Farewell to Olympic medal-winner and ‘horse of a lifetime’

  • Eventer Sharon Hunt has paid tribute to her “horse of a lifetime” and Olympic team bronze medallist Tankers Town, who has been put down at the age of 25.

    The brilliant but sometimes quirky chestnut gelding had a phenomenal career, completing 11 CCI4* (now CCI5*) events, as well as more than 50 advanced and three-star (now four-star) classes.

    In his final season eventing in 2010, he won four of his starts, including a career highlight triumph at Luhmühlen CCI4* — the last time to date that a British combination took this title.

    It was later that year at Pau where the three-quarters thoroughbred injured a tendon, leading to his retirement from the sport aged 16.

    “That was his best year and I wish I’d had a bit more time with him — he threw a massive splint at Luhmühlen and in hindsight I probably pushed him too quickly as at Pau the tendon on the other leg went, I’ve always kicked myself a bit for that,” Sharon said.

    “It took three years or so to get the leg settled, but after that you couldn’t see there had been a problem and he went on to have another six years of working normally.

    “He had two four-star starts every year from a 10-year-old and I had no idea what a sound, tough horse I had until I tried to find another one — my vet always claimed he had pony-sized tendons and that was why he was so hardy,” she added.

    “Jasper” was known for his intelligence and care across country and also became a strong performer in the dressage, earning himself British squad call-ups for the Beijing Olympics in 2008, where they were on the bronze medal-winning team, and the 2006 World Equestrian Games, where they finished individual ninth.

    He attended seven consecutive Badmintons, where his best finishes were fifth and sixth.

    The 16.1hh gelding is also remembered for sometimes being difficult in the start box — leading to a disappointing elimination for the pair at Badminton in 2009.

    “I always felt very safe on him, even though he could be a bit of a monkey to get on — he wasn’t cold-backed but he could be funny when you did up the girth and could plant and spin round, which is what the refusing to leave the start box evolved from,” Sharon explained.

    “The catalyst was when the roads and tracks were cut [short format introduced], he got worse after that. At Badminton that year the finish line also crossed the start line and I hadn’t given it anywhere near enough consideration – someone finished as I was about to start and really that set him off.”

    She added that people at the time had commented that the horse looked like he did not want to perform, but that could not be further from the truth.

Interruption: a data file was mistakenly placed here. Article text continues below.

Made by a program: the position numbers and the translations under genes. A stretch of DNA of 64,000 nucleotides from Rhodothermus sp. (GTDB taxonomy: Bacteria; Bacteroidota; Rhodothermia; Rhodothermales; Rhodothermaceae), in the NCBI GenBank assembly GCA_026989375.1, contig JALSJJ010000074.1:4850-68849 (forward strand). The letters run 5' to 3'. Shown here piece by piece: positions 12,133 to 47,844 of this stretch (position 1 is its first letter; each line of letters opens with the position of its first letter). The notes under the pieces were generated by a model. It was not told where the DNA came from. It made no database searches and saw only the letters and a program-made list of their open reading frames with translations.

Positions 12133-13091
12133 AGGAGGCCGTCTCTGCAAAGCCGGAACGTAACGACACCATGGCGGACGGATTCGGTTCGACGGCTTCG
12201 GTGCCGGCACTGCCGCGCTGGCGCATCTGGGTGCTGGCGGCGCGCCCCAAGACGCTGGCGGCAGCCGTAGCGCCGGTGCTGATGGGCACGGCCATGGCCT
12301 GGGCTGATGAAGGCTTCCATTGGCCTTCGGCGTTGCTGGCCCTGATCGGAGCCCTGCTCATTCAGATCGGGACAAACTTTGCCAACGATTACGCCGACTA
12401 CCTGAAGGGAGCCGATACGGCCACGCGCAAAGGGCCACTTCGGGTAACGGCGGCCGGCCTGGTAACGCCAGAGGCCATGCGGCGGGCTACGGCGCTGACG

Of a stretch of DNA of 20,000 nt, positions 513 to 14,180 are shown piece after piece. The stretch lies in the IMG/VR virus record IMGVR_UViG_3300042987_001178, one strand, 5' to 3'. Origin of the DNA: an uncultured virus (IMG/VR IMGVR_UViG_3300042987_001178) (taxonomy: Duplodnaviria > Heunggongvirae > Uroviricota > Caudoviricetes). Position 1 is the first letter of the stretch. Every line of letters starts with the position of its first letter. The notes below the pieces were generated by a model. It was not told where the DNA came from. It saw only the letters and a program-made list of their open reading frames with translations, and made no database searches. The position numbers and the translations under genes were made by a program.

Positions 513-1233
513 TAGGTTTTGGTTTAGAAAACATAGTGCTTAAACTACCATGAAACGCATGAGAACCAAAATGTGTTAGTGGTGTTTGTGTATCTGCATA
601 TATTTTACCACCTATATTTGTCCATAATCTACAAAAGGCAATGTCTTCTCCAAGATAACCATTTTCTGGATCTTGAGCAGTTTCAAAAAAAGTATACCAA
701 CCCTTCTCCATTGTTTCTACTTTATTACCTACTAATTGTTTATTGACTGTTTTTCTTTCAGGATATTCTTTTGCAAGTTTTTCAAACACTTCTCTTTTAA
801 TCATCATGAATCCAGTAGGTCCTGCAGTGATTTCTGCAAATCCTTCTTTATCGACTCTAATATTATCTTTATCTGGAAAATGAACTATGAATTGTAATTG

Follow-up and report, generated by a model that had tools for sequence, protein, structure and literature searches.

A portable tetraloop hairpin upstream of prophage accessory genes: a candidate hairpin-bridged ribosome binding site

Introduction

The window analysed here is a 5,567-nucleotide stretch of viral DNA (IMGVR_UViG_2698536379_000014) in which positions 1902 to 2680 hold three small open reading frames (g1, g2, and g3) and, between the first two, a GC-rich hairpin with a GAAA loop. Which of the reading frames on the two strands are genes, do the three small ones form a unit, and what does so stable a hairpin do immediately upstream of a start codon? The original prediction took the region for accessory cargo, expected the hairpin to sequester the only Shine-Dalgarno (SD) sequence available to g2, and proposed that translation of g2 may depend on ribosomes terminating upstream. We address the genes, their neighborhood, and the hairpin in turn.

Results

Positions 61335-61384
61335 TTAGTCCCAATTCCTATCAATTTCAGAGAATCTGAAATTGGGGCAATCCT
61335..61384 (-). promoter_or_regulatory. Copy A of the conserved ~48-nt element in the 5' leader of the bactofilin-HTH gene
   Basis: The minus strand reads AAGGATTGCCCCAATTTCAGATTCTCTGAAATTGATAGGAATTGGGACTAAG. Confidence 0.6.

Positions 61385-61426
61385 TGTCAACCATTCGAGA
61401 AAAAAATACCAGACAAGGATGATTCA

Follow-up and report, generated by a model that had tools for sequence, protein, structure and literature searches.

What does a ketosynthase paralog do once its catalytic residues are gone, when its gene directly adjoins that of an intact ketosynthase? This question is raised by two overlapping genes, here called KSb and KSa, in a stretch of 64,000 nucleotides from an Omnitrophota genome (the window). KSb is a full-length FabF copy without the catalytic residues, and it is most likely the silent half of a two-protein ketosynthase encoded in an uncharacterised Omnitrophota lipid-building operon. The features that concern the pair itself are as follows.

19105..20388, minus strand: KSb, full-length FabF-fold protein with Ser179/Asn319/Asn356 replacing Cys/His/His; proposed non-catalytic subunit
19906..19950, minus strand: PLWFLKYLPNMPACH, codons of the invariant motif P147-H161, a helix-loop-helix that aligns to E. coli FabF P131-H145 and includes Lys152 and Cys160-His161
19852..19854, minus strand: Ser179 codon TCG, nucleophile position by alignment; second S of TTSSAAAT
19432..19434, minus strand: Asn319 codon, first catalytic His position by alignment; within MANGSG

“One of the things about him I didn’t fully realise when I was training him was that it was his desire to please and do well that made him quirky. He tried so, so hard,” she said.

    “I also found out after he had retired that his dam — who was a very good point-to-point mare from the Busted line — used to try to lie down sometimes when they went to put a jockey on her. There was obviously a quirk in there — but it was nice we learnt to overcome it and went on to have such good results from him in his final seasons.

    “One of the reasons I found our win at Luhmühlen so poignant was that it was all on us — I was no longer on World Class at that point and after a real disappointment at Badminton we picked ourselves up and won.”

    Sharon also paid tribute to Jasper’s breeder Mary Blundell, as well as Sean and Sally Parkyn who “trusted me, buying a horse who was far too good for me at the time”.

    “I was 21 when I got him and I didn’t have a clue, I couldn’t ride one side of him when I tried him as a four-year-old,” Sharon revealed. “He was so sharp he kept cantering all the time and I couldn’t make him trot. I persuaded my mum and dad to buy him for me and they were pretty trusting to let me have him.”

    Jasper remained in work and was last ridden two days before he died, when Sharon took him to Rachel Upton’s yard for a “trot round and a little go through the water”.

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    Sharon said. “He loved being worked, but he had Cushings [PPID] and suddenly it became more of a struggle.

    “He was still being ridden normally and still jumped — I had backed off riding him a while ago and my niece had taken over. He was magic, so kind and really looked after her.

    “He also taught a lot of people how to do half pass and changes, although I only let the good riders on him,” she added.

    Sharon said that in his last few weeks he had started to “not look himself”.

    “He had changed and was starting to look a bit disinterested,” she said. “I always promised him he wouldn’t be a field horse and he had the life he would have wanted.

    “I will always be grateful for everything he did for me.”

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